Eagle Online yesterday published an article saying that UK’s Commonwealth Development Corporation (CDC) Group had identified the buyer for its 9.97 per cent shares in Dfcu bank. That buyer has now been revealed as IFU- Denmark, the Danish Development Finance Institution/ Investment Fund for Developing Countries.
Yesterday dfcu published a cautionary announcement dated December 13, 2019 informing its shareholders and potential investors of the transaction now awaiting the approval of authorities in the financial sector, particularly the Capital Markets Authority which regulates the Uganda Securities Exchange on which Dfcu is listed .
“Dfcu limited…advises its shareholders and the general public that a significant minority shareholder has received and accepted an expression of interest for the purchase of its shareholding in the Company by another,” Dfcu said in a recent cautionary announcement,” Dfcu said in the statement.
But the transaction, according to the announcement, remains subject to obtainment of regulatory approvals and satisfaction of all conditions precedent.
Due to expected sell of shares by the unnamed minority shareholder, the company has therefore advised shareholders and potential investors to be cautions when transacting in the company’s shares. “Shareholders and potential investors are advised to exercise caution when dealing in the Company’s shares until a further announcement is made,” the announcement reads in part.
Eagle Online last year reported that UK’s Commonwealth Development Corporation (CDC) Group was looking for another offshore company to buy its shares in Dfcu. The company owns 9.97 per cent. CDC’s Investment Director Irina Grigorenko wrote a confidential letter to Dfcu Chairman Elly Karuhanga of CDC Group’s intention to sell some or all of its shares.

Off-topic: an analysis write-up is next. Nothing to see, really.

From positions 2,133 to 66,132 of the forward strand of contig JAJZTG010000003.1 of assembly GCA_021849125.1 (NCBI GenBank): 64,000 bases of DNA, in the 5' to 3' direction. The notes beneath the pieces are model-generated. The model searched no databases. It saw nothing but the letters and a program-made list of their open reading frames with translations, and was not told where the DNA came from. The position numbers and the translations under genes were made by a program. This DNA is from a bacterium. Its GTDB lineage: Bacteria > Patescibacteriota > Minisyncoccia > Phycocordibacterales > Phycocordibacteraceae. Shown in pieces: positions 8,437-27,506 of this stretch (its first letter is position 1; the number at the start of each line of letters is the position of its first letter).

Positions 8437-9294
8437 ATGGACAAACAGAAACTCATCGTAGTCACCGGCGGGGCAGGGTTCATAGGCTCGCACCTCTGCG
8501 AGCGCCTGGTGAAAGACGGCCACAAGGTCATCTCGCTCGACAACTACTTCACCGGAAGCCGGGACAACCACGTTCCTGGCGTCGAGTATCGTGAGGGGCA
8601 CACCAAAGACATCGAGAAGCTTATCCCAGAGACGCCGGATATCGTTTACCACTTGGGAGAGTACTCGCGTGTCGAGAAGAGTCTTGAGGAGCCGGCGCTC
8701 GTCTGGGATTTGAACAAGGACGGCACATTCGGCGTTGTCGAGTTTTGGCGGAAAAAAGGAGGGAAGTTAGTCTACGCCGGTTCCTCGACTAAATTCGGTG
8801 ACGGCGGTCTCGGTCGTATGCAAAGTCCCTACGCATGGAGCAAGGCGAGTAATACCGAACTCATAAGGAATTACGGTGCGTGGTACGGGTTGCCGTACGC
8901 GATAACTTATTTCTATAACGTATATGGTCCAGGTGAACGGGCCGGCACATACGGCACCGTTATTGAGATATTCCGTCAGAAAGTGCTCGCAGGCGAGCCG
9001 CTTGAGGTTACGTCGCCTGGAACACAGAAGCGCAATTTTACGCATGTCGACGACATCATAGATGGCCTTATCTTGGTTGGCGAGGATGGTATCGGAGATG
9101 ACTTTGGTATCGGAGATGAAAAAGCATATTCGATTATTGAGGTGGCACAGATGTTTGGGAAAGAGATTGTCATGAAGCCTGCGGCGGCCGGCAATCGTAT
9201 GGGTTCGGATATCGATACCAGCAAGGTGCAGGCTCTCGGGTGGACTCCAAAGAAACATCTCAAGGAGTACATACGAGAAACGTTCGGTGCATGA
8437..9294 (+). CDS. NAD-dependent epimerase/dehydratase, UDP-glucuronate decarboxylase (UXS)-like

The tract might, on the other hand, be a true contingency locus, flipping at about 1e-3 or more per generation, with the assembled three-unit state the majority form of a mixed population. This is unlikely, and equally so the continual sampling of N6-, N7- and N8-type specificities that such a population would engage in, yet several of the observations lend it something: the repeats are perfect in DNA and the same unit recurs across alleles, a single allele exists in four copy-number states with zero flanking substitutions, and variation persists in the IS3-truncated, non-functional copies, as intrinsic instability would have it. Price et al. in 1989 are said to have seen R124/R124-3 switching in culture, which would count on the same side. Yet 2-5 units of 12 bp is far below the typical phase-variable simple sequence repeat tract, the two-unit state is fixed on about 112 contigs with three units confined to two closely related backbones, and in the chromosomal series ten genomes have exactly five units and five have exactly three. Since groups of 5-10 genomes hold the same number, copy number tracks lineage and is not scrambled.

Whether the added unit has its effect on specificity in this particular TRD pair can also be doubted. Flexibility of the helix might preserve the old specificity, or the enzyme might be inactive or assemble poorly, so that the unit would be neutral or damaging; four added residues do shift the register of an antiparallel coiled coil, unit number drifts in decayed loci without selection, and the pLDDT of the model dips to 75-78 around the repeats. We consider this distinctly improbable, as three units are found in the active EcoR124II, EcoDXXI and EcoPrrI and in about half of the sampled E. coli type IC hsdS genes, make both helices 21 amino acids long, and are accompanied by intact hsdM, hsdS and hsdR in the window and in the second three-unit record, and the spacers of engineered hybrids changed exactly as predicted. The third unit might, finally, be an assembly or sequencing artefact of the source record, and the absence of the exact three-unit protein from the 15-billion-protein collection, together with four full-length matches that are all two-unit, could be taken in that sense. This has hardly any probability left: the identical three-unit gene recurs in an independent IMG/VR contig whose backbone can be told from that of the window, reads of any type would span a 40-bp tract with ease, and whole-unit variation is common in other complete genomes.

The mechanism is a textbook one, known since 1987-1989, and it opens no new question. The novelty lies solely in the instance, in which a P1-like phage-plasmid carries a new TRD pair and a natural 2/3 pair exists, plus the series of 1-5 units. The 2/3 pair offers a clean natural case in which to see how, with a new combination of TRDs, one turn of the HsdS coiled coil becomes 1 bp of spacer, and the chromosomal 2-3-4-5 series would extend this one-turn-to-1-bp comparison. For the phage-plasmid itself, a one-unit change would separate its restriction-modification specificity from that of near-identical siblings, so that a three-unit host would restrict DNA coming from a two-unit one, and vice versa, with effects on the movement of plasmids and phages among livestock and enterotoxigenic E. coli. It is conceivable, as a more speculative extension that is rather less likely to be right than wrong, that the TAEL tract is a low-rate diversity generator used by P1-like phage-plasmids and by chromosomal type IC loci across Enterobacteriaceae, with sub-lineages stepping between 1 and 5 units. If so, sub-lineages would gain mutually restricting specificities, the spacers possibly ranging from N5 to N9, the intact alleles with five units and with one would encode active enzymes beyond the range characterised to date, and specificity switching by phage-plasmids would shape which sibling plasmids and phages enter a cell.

Grigorenko, said then that CDC Group was “undertaking a review of its investment in Dfcu Limited which may lead to the disposal or some of some or all of its shares in Dfcu over the short to medium term.”
In its letter, CDC also expressed hope that Dfcu would continue to “succeed with the support of Arise B.V., its major shareholder.” CDC’s investment in Dfcu, according to the institution’s official website, is $15.1m (equity) and $10m (subordinated loan).
About nine institutional investors own Dfcu, with Arise BV holding the largest shareholding at 59 per cent. CDC is in second position, followed by National Social Security Fund (NSSF). Months ago, Arise BV Executive Director Deepak Malik resigned from the Dfcu bank’s board of directors.
When asked, analysts said it is normal for shareholders to sell their shares within or get buyers from outside when they think it is the right time to exit. However, he hastened to add that some shareholders exit when they anticipate that the company’s business in future might not be profitable at the level they want it.
However, the latest announcement that a significant minority shareholder has got the buyer of its shares comes at the time when dfcu is facing challenges following the controversial acquisition of Crane Bank Limited (CBL) in January 2017. Dfcu is the holding company of Dfcu bank which bought CBL as offered to it by the Bank of Uganda (BoU).
Recently Dfcu bank realised that it could not take up freehold properties of Meera Investments Limited which had been leased to defunct CBL. Dfcu now wants BoU to compensate it for the loss of the properties it values at Shs47 billion even though it is understood it valued the same properties at Sh10 billion when it took over CBL an estimated Shs200 billion.
Rune Norgaard, IFU’s Communication Director, says the institution, an independent government agency provides risk capital and advice to companies wishing to set up business in Africa, Asia, Latin America and parts of Europe. Investments are made on commercial terms in the form of equity and loans. The purpose is to contribute to economic and social development in the investment countries.
IFU and IFU managed funds have co-invested in close to 1300 companies in 100 countries in Africa, Asia, Latin America and parts of Europe.
Key shareholders in Dfcu
DFCU Shareholding percentages
Arise BV 58.71 per cent
CDC Group of the United Kingdom 9.97 per cent
National Social Security Fund (Uganda) 7.69 per cent
Kimberlite Frontier Africa Naster Fund 6.15 per cent
undisclosed Institutional Investors 3.22 per cent
SSB-Conrad N. Hilton Foundation 0.98 per cent
Vanderbilt University 0.87 per cent
Blakeney Management 0.63 per cent
Retail investors 11.19 per cent
BoU staff retirement benefit scheme is 0.59 per cent